The tragic 2017 death of a young woman who was hiking in Colorado serves as a grave warning for anyone planning to ascend to greater heights.
Most people know the common precautions to take before a hiking trip. Drink plenty of water, pack enough food, sunscreen, etc.
But 20-year-old Susanna “Susie” DeForest had been prepared when she took to the trail to Conundrum Hot Springs with her friends that year.
The hike is 8.5 miles long and rises in elevation of about 2,500 feet, according to the Post Independent. The hot springs the friends aimed for sits at 11,222 feet.
Their hike began later in the day. They were completely prepared with supplies and gear, with plans to camp at the hot springs and make the trip back the following day.
But DeForest would never make it home. She started vomiting during the hike and things went from bad to worse much too quickly.
Her friends did everything they could; two of the three left to find help and the proper emergency officials were notified.
By the time responders arrived via helicopter, it was too late. DeForest passed away around 5 a.m. the morning after she fell ill.
Her case may seem like a bout of dehydration or even heat stroke, but neither was the cause of this young woman’s decline.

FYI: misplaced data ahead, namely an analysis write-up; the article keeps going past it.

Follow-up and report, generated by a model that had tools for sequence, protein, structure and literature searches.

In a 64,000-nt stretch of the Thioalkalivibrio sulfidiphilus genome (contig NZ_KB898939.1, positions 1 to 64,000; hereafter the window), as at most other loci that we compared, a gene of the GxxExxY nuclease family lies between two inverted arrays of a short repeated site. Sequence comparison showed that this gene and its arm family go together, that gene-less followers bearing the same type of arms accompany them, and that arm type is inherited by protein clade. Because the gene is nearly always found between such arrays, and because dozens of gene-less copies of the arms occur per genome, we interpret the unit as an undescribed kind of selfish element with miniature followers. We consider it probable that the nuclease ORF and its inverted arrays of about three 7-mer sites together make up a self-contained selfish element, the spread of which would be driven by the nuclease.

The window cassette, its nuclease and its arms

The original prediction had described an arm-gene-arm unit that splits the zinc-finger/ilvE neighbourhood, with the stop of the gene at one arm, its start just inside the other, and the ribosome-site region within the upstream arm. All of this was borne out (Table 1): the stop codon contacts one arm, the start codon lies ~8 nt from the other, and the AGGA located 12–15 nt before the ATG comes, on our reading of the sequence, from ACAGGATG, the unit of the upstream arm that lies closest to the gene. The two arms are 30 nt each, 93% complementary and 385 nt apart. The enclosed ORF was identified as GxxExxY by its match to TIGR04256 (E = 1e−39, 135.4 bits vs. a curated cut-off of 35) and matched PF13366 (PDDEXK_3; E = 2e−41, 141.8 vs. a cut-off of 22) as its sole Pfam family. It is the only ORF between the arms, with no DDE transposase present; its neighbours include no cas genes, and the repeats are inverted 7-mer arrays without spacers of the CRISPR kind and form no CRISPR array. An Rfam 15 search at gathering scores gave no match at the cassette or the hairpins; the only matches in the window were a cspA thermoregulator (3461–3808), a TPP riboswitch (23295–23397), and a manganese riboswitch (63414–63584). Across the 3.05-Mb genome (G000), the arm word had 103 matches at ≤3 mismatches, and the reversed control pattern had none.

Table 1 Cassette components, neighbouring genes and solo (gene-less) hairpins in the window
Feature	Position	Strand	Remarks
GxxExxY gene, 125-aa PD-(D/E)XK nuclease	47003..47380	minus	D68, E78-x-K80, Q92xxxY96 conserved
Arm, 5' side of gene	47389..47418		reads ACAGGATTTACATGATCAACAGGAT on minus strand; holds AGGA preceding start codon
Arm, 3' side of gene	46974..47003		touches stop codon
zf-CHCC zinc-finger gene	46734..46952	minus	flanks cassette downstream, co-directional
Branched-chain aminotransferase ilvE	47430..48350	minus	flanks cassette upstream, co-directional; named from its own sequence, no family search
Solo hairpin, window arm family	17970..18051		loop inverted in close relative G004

“She was hiking in Colorado and suffered acute altitude sickness,” her mom, Kate DeForest, wrote on Facebook in August 2017.
“Her friends who were with her did all they could to get help to her in time.”
Acute altitude sickness — otherwise known as acute mountain sickness or high altitude pulmonary edema — “typically occurs at about 8,000 feet, or 2,400 meters, above sea level,” according to Healthline.
Symptoms include nausea, vomiting, dizziness, headaches and shortness of breath. Those at risk include anyone moving quickly to higher altitudes and those with heart or lung disease.
To avoid this condition, Healthline suggests taking to higher altitudes slowly and consulting a doctor about medications that may help the body adjust more easily to higher altitudes.
This is a horrible thing that happened to a clearly vibrant young woman. We only hope her passing will remind others to take precautions when traveling to higher altitudes in a short period of time. Her memory will live on through anyone who might be saved after hearing her story.
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